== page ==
By: K. G. SREENIVAS Dated: September 01, 2014
There's more to design than just being a symbol of association or identity. “An identity is a compact representation of who you are. Are you uni-layered? Are you as you appear to be,” asks Shanoo Bhatia, the Founder of Eureka Moment, says in a conversation with Creative Brands. Shanoo reflects on why design is, ironically, still regarded as a foreign notion in an aesthetically rich country like India.
A leitmotif — strong lines, sensuous curves, deeply rooted in Indian motifs — infuses a lot of your work. Then there is the lateral and transcendental, the abstract, and the stylised. When you work on the correlation of identity and design, what fundamental questions do you ask yourself and what are the answers you seek from them?
An identity that has no intellectual layering, is a wasted investment. An identity is a compact representation of who you are. Are you uni-layered? Are you as you appear to be? Is there no depth to your personality — I imply a person or a company. When I see visual identities that are purely aesthetic or cosmetic, I think of all the possibilities that were abandoned in submission to a first-principle solution. For Piramal Enterprises, for example, we shifted from a well-recognised, simple orange triangle, which was their existing logo, to an identity that is multi-layered inthe form of a 'gyan mudra'. When you see the 'gyan mudra', do you see a company invested in pharmaceuticals and glass packaging or would you visualise a company invested in a fundamental belief system of knowledge, truth, aesthetics and care? Visualise how this expands the potential for a business to grow and diversify, as long as their values remain distilled and clear. Design should work hard to craft with clarity the idea of who you are and how you wish to be regarded, in the visualisation of your identity.
In recreating a workspace ambience such as that of BCG, you took the humorous, funny, illustrative, and irreverent route. Here you sought to reinvent (at one level) messaging and revisit the organisation's messaging. At a fundamental level, how could we help transform messaging at a larger national level in the life of a community/society/nation?
Messaging for diversity must be responded to in a relevant manner. Our political classes have consistently used mass communication to voice the insights and the needs of the people they represent in a community, village, town or nation. During the recent election campaign, there was a shift from messaging for basic necessities to a rallying cry for development, tapping into the hunger and aspirations of masses. I believe that messaging on a broader level is about framing an active concept. For intimate projects such as BCG, we garner insights into the operations and personality of the organisation and its people and frame concepts around ideas that are motivating. At a national level, the breakthrough would be a cornerstone concept that captures the mood of the people and creates a communication idea which is responsive.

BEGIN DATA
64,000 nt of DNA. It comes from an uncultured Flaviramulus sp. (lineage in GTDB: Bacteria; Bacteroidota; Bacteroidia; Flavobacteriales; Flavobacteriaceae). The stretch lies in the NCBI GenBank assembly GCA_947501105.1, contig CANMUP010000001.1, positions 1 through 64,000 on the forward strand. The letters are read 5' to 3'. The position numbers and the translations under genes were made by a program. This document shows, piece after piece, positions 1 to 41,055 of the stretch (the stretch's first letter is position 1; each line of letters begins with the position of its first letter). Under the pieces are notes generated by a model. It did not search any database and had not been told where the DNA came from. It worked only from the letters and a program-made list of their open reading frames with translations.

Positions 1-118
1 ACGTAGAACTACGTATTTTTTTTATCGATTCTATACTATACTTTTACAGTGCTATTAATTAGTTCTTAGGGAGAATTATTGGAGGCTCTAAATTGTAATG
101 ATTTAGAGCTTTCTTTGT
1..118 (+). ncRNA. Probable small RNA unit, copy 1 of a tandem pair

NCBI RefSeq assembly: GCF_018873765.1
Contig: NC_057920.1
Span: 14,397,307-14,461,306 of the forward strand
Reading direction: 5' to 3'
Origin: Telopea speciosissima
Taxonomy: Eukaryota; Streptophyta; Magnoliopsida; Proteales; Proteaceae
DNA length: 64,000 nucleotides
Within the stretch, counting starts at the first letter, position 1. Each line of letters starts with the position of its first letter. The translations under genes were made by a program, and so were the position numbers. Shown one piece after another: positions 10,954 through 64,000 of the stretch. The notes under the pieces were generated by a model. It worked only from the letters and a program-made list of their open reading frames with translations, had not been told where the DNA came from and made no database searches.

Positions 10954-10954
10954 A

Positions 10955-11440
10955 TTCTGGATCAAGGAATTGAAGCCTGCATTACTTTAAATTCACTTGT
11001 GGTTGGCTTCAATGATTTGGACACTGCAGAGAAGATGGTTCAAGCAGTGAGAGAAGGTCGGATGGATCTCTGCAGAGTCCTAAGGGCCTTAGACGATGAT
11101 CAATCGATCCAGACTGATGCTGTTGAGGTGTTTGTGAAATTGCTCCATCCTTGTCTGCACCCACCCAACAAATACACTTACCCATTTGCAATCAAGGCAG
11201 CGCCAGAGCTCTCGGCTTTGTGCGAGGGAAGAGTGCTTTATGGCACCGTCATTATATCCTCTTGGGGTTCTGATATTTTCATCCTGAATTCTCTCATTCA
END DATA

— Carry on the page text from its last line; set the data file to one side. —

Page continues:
The challenge will be the tone of voice, the connotation of words and symbols, and the pursuit of semantics in creating communication with mass appeal. The additional challenges would be creating messaging infrastructure to ensure reach and sustenance of the communication.
Why, to your mind, isn't India a design and aesthetics driven country, especially when it comes to its public spaces and institutions — this despite India's deep civilisational heritage when it comes to the intricacies of design and aesthetics.
India has an unbelievably rich and diverse regional art and craft heritage, created by the people for the people. The focus of indigenous craft is functional as it is aesthetic. Craft and art tell stories of people and times. Craft is accessible, often created in homes by hand. Craft is typically affordable to the masses. As a corollary, the notion of design is that it is foreign to our people, it is western and unaffordable. The belief is that design requires systems and technology and is visually disconnected from the national aesthetic. There has not been enough done by our government or industry bodies to seriously support and promote mature design think-tanks, to develop design solutions and a national bank of design tools, images, ideas, and motifs that may be effectively drawn upon to be infused into our public spaces.
I believe that in order to utilise design thinking to create spaces and communications that serve our people better and make life easier, design and craft must converge. The intelligent engineering of indigenous art and crafts using design processes and methodologies to make them available for use on a mass scale, will help create aesthetically responsive and immaculately engineered public infrastructure. This should not be regarded as a threat to our crafts and heritage, but should, in fact, create awareness, support education, encourage knowledge and appreciation of our heritage. Our biggest loss will be the rapid adoption of western design solutions in our public spaces and institutions. That will sound the death knell of Indian aesthetics and craft.